Excess ketones are excreted via urine and breath, resulting in an unusual odour.
Ketosis may be associated with a loss of sodium, potassium and water, which in turn can cause dehydration, fatigue, headaches and constipation. Patients on diuretic medications or those with cardiac or renal disease should be cautious.
Intensive VLCD program (pre-op)
VLCD products are not prescription medication. They are over the counter products that can be bought at the chemist.
The intensive VLCD program is recommended for at least 2 weeks before bariatric surgery.
The VLCD comes in a variety of products such as soups, shakes, bars or desserts.
- It is recommended to have 3 VLCD preparations a day.
- 1.5 to 2 litres of water a day is recommended.
- 2 or 3 serves of steamed vegetables is recommended.
- 1 or 2 slice of fruit is allowed.
- Non-calorie beverages may be drunk.
VLCD program (post op)
During the post-operative period especially in the first 2 weeks, patients are only able to consume fluids. It is essential that commercial products (VLCD) adequately replace the necessary daily macronutrients (protein), vitamins and minerals during the transition phase before the patient returns to solid meals (which is usually 4 to 6 weeks after bariatric surgery).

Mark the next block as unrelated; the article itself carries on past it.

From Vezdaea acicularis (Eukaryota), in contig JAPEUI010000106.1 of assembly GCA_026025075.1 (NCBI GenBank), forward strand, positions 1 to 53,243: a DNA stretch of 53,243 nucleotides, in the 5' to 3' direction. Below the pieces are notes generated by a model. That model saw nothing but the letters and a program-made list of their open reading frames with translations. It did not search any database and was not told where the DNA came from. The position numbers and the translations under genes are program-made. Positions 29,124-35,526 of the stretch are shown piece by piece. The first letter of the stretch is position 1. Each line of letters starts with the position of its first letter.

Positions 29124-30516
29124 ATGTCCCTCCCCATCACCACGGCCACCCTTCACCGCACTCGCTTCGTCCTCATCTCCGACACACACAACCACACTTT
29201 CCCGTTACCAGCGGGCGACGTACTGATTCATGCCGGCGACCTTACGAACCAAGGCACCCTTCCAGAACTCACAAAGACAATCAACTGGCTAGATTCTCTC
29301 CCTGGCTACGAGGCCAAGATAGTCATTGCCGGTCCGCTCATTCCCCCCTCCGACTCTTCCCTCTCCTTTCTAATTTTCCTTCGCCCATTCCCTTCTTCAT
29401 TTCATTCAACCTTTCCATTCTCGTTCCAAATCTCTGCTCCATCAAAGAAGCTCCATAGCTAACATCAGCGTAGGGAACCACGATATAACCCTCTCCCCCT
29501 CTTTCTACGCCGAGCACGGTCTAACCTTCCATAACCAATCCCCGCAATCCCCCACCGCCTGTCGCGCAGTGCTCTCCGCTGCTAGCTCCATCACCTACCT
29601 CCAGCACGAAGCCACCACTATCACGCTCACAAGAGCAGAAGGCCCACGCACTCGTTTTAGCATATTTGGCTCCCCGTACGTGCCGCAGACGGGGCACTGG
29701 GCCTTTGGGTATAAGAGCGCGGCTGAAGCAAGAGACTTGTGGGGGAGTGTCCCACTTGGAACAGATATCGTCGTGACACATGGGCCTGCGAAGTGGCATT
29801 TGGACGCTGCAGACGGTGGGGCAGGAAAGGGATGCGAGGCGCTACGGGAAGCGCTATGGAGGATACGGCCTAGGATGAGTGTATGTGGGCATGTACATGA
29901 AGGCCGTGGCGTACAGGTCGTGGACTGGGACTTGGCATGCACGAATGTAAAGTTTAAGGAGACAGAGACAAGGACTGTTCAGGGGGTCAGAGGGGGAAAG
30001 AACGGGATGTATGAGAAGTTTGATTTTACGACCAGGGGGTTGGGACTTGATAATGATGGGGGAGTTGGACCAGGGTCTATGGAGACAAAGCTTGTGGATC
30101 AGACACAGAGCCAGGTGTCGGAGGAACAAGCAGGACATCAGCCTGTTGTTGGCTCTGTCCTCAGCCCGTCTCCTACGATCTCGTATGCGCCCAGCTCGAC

During the post operative phase VLCD are consumed in conjunction with fluids or puree/soft foods rather than a strict meal replacement unlike the pre-op phase.
Cautions with VLCD
Patients with certain medical conditions especially hypertension and diabetes need to monitor their blood pressure and blood sugar levels closely.
During this time of fluid and electrolyte loss and calorie restriction, medication dosages for these medical conditions may need to be reduced. Diuretic medications may need to be ceased. Oral medications for diabetes and insulin doses may need to be halved.
The side effects of VLCD are mostly related to the rapid weight loss and ketosis rather than the product itself. Amongst the listed side effects of VLCD are sensitivity to cold, halitosis (bad breath), headache, hair loss, irritability, postural hypotension, fatigue, muscle cramps and menstrual disturbances.
In the first 3 to 5 days of commencing VLCD program there may be transient side effects such as fatigue, hunger, lack of concentration, nausea and headaches. Usually mild ketosis occurs and most of these symptoms will pass by day 4 to 6.
For an average person the daily protein requirement is about 1g per kg ideal body weight, which is about 50 to 60g a day. One serve of protein is equivalent to 65-100g meat, 2 eggs or 130g fish. Obviously no meals except steamed vegetables is consumed during the pre-operative phase.
Hence the VLCD are formulated to provide the necessary and adequate protein to preserve lean body mass when consumed 3 times a day.
Similarly during the early post operative phase the protein intake is insufficient from oral fluids or puree. Again protein intake will need to be in the form of liquid, in the form of VLCD preparations.